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May 19, 2015

You have to say one thing about our new Head Coach; he knows how to work a room.

PITT hosted a Pat Narduzzi Alumni Meet and Greet evening in Washington DC last night and approximately 220 PITT Alumni and fans showed up for the festivities.

20150518_190402

(Note: here is a late addition of all the photos taken by the PITT media department of the event – pretty interesting and try to play “Where’s Reed”  Hint: I’m taller than everyone else.  Look at photos #26, 46, 55 and 56.

It was a nice evening and was intended as an avenue for PITT to re-awaken the alumni – athletic department connections. There is really no telling how well that went over, I’m sure PITT will contact the attendees later to further the money side of the equation. It was very well produced, people were happy to be there, and Narduzzi used his oversized image and personality to get a good and excited feeling going with everyone to take home when they left at 8:00.

The plan was set up like this.  Schedule the evening in late May when DC is starting to really heat up so that in addition to the high temperatures you also get the springtime mugginess that permeates DC.  Then, arrange to have most of the event outdoors; the check-in line (with a five minute wait),  two  tables with PITT advertisements and information publications, a table of PITT shirts and hats for sale and two other tables with the ‘light appetizers’ which were actually substantial and well presented.

The only thing missing was the Red Cross station where one could get intravenously re-hydrated due to sweating every drop of water out of your body. A lot of the attendees parked outside of DC and took the Metro in and that four block walk on hot concrete was a killer.  It was nice later in the evening though and no matter how talented Narduzzi is he really can’t control the weather.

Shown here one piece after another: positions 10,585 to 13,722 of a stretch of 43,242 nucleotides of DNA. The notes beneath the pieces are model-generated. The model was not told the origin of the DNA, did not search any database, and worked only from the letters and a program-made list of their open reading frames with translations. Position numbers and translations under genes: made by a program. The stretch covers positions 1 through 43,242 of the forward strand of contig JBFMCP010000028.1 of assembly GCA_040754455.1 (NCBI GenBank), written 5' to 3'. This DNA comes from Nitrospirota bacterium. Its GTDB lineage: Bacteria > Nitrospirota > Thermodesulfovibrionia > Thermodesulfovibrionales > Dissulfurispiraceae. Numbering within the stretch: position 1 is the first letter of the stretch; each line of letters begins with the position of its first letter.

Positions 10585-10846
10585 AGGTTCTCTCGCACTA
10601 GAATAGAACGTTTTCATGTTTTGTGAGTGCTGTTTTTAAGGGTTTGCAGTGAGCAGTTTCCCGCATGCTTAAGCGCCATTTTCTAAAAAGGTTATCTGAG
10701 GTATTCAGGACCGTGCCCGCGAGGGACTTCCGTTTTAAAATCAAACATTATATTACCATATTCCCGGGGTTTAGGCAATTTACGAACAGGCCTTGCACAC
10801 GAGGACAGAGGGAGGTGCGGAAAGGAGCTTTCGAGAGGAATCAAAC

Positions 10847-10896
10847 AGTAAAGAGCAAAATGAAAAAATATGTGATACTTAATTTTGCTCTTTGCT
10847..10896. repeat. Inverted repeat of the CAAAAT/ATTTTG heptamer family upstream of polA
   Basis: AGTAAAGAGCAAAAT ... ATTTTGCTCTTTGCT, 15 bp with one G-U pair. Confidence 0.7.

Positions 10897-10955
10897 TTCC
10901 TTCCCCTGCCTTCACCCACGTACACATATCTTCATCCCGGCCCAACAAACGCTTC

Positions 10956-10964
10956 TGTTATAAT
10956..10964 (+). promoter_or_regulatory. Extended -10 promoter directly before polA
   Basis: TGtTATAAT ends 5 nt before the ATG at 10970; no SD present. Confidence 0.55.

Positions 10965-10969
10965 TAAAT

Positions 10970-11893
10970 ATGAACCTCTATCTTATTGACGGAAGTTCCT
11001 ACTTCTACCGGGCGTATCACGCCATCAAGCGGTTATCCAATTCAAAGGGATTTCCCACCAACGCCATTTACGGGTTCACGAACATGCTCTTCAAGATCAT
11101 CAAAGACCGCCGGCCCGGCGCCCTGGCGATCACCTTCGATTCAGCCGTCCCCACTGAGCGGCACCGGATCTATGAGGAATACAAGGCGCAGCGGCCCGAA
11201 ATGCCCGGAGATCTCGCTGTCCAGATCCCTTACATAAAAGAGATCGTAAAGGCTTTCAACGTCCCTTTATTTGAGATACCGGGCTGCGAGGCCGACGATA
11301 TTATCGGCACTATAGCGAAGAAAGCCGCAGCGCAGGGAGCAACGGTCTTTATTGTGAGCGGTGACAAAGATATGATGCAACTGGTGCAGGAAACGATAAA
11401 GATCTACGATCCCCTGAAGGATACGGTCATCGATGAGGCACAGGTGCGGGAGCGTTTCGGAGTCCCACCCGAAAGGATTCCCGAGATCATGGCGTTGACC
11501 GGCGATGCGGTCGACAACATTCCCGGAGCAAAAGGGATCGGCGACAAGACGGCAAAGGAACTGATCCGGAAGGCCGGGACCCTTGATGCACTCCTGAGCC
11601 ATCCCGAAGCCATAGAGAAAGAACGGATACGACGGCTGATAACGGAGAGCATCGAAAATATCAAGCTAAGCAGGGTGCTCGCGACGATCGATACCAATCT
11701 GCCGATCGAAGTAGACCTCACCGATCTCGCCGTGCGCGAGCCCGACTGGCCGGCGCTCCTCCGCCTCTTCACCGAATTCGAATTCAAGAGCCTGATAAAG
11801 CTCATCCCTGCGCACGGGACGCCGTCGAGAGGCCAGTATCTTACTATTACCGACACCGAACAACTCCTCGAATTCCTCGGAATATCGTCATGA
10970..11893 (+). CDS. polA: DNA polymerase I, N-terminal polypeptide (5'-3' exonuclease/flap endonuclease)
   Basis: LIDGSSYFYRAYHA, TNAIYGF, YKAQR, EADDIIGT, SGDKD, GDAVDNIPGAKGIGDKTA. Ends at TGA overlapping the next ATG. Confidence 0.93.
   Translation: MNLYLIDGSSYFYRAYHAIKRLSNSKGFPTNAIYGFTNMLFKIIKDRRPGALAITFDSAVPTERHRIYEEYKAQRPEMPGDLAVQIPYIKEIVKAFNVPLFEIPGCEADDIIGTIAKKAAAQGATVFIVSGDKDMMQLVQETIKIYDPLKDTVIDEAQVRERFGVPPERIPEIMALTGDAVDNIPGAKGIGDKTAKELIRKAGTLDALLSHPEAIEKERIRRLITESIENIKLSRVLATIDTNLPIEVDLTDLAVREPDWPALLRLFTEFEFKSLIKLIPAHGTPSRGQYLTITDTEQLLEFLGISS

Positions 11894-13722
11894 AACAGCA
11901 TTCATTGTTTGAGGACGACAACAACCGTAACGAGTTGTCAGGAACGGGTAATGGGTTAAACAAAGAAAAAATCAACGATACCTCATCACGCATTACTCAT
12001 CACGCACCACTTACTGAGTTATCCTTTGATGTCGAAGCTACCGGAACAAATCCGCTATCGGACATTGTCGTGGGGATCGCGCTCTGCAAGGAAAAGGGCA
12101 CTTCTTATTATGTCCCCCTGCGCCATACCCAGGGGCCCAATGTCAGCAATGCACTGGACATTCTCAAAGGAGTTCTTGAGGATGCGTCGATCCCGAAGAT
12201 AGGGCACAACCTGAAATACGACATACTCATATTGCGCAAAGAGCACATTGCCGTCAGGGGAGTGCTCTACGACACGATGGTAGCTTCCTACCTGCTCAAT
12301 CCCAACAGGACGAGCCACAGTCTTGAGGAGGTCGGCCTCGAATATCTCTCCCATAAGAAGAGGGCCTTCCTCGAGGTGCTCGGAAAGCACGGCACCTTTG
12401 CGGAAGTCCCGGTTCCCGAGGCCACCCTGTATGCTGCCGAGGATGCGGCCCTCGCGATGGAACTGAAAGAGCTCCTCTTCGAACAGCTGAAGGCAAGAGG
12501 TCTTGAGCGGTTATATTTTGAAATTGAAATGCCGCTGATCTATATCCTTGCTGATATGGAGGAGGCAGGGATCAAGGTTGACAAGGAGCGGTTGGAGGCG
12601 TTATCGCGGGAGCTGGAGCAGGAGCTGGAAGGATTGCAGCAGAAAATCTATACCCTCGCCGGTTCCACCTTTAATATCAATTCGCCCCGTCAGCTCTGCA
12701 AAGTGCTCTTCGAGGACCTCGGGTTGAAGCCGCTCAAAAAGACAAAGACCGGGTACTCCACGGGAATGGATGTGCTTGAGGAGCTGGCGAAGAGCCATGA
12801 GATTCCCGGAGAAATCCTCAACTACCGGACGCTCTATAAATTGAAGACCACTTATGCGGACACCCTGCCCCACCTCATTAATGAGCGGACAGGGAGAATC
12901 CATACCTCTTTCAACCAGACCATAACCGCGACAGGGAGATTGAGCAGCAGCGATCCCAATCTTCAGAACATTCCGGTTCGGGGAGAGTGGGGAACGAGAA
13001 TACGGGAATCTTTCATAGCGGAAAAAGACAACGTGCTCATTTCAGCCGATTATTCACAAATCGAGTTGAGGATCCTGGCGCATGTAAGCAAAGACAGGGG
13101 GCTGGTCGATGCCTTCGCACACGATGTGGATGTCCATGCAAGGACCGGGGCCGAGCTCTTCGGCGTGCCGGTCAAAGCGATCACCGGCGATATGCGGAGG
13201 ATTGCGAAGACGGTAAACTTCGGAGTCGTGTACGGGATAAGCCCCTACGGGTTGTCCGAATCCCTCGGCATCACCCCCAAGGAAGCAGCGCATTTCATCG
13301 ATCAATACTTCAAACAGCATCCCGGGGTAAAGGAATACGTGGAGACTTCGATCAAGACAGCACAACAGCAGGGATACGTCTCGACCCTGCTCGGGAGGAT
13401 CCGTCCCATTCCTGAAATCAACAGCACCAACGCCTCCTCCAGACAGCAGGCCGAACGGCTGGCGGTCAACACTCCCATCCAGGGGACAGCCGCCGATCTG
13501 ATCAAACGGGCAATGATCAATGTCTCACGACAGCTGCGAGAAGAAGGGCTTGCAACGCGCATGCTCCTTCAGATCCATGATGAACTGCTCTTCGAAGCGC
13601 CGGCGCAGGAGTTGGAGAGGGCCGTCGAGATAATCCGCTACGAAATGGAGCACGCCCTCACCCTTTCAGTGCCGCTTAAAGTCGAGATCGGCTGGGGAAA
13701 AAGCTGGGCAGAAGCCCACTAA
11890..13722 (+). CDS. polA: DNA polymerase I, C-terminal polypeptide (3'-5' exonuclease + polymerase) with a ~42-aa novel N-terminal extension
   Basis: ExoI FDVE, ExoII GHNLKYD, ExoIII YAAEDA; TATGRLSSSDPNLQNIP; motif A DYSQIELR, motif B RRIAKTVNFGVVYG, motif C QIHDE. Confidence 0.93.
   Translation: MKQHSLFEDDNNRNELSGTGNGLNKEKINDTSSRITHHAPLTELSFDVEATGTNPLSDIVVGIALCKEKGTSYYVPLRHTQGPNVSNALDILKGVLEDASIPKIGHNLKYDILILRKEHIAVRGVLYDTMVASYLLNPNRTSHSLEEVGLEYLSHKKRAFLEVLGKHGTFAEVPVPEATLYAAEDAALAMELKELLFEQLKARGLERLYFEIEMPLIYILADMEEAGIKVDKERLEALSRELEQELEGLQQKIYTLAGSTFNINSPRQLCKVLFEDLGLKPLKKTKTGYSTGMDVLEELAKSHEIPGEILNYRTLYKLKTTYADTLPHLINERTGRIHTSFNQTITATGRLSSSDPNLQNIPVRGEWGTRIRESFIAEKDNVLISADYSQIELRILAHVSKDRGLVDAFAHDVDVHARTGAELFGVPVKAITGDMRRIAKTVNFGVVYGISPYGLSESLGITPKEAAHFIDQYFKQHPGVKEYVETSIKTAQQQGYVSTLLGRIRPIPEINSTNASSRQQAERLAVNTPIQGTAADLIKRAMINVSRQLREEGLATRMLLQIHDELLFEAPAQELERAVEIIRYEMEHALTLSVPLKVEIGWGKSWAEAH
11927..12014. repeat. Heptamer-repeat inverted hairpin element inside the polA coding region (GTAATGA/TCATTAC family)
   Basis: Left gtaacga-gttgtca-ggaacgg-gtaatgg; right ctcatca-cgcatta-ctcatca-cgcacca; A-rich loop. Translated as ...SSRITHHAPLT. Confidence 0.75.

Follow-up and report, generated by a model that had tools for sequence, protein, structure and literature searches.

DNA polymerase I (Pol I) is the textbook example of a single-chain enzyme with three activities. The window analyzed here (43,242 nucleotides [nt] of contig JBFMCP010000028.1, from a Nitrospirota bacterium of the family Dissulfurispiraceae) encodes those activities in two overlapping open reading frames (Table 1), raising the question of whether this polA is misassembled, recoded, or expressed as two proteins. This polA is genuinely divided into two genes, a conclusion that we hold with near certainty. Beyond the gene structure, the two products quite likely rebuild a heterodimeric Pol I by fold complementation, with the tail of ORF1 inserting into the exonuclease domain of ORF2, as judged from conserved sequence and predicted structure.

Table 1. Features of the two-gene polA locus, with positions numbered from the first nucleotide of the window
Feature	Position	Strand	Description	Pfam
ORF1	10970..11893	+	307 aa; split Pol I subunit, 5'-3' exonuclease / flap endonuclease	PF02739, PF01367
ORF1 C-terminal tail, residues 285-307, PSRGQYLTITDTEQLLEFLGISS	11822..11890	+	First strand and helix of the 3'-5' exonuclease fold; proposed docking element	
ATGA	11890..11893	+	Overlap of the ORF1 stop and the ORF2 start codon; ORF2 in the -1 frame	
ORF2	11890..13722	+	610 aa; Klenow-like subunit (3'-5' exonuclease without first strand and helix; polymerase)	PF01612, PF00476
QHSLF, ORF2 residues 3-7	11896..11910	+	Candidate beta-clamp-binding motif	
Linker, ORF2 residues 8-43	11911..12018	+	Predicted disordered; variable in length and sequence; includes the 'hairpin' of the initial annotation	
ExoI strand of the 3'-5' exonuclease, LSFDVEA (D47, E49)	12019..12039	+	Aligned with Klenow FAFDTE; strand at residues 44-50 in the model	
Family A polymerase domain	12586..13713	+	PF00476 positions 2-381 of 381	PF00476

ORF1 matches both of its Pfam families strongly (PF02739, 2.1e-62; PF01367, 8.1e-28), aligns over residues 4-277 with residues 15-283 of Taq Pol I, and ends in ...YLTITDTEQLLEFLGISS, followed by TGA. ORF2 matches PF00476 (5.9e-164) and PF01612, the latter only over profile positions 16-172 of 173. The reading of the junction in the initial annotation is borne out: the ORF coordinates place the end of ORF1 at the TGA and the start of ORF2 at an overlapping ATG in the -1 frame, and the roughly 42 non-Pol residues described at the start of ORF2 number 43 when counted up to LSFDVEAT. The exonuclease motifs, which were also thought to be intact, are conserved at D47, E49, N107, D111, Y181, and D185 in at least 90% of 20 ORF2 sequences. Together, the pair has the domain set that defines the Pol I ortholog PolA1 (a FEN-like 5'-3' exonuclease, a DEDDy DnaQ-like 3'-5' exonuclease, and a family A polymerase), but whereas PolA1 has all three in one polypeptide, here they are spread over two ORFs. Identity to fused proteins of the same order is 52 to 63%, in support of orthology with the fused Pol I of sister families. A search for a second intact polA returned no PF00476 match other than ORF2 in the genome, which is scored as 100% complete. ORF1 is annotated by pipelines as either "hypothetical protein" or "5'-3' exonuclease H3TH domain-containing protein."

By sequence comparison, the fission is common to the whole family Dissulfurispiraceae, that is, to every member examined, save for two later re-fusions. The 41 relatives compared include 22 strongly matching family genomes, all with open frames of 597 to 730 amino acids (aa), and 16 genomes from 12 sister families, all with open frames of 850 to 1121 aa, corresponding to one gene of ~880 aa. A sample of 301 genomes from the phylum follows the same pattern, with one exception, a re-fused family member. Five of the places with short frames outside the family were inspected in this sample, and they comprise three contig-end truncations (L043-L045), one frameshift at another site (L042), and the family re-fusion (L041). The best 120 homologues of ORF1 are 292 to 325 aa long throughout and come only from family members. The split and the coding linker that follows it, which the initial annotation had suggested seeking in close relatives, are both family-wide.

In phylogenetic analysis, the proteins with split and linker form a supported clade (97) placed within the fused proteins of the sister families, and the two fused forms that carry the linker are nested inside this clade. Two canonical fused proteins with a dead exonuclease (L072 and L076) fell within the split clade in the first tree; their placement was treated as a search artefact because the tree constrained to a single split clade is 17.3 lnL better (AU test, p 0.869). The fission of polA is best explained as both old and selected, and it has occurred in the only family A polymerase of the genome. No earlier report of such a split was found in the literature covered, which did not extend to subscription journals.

But honestly, the place was well arranged and attractive and because PITT rented out a smaller conference room at the most famous and expensive hotel in DC, The Willard, space was at a premium so they adapted well to the size allotted.

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May 15, 2015

Closer to the Script?

Filed under: Admin,Football,Media — Reed @ 8:46 am

Here is a chance to vote on which “Football Shirt” you want to see for 2015. I guess this means which shirt they will give away at the home games or something.

PITT T-Shirt

But in the spirit of our recent discussions about logos and branding I thought you all might like to do this:

Football Shirt Poll Site

 

May 14, 2015

Admin in Amelia Island

Filed under: Academics,Admin,Athletic Department — Chas @ 11:41 am

The ACC Spring meetings are wrapping up. Nothing accomplished of real note. Lots of talk. Lots of coaches expressing opinions on rule changes. The administrative and conference stuff isn’t what fans and media want anyways. On that front, this is simply a chance to talk to masses of coaches and ADs.

Nothing concrete. Just opinions. The conferences and coaches may state their preferences for certain changes, but they will not actually do anything right now. They will have the NCAA enact the rules and changes. That gives them cover over unpopular things and items that have unintended consequences later.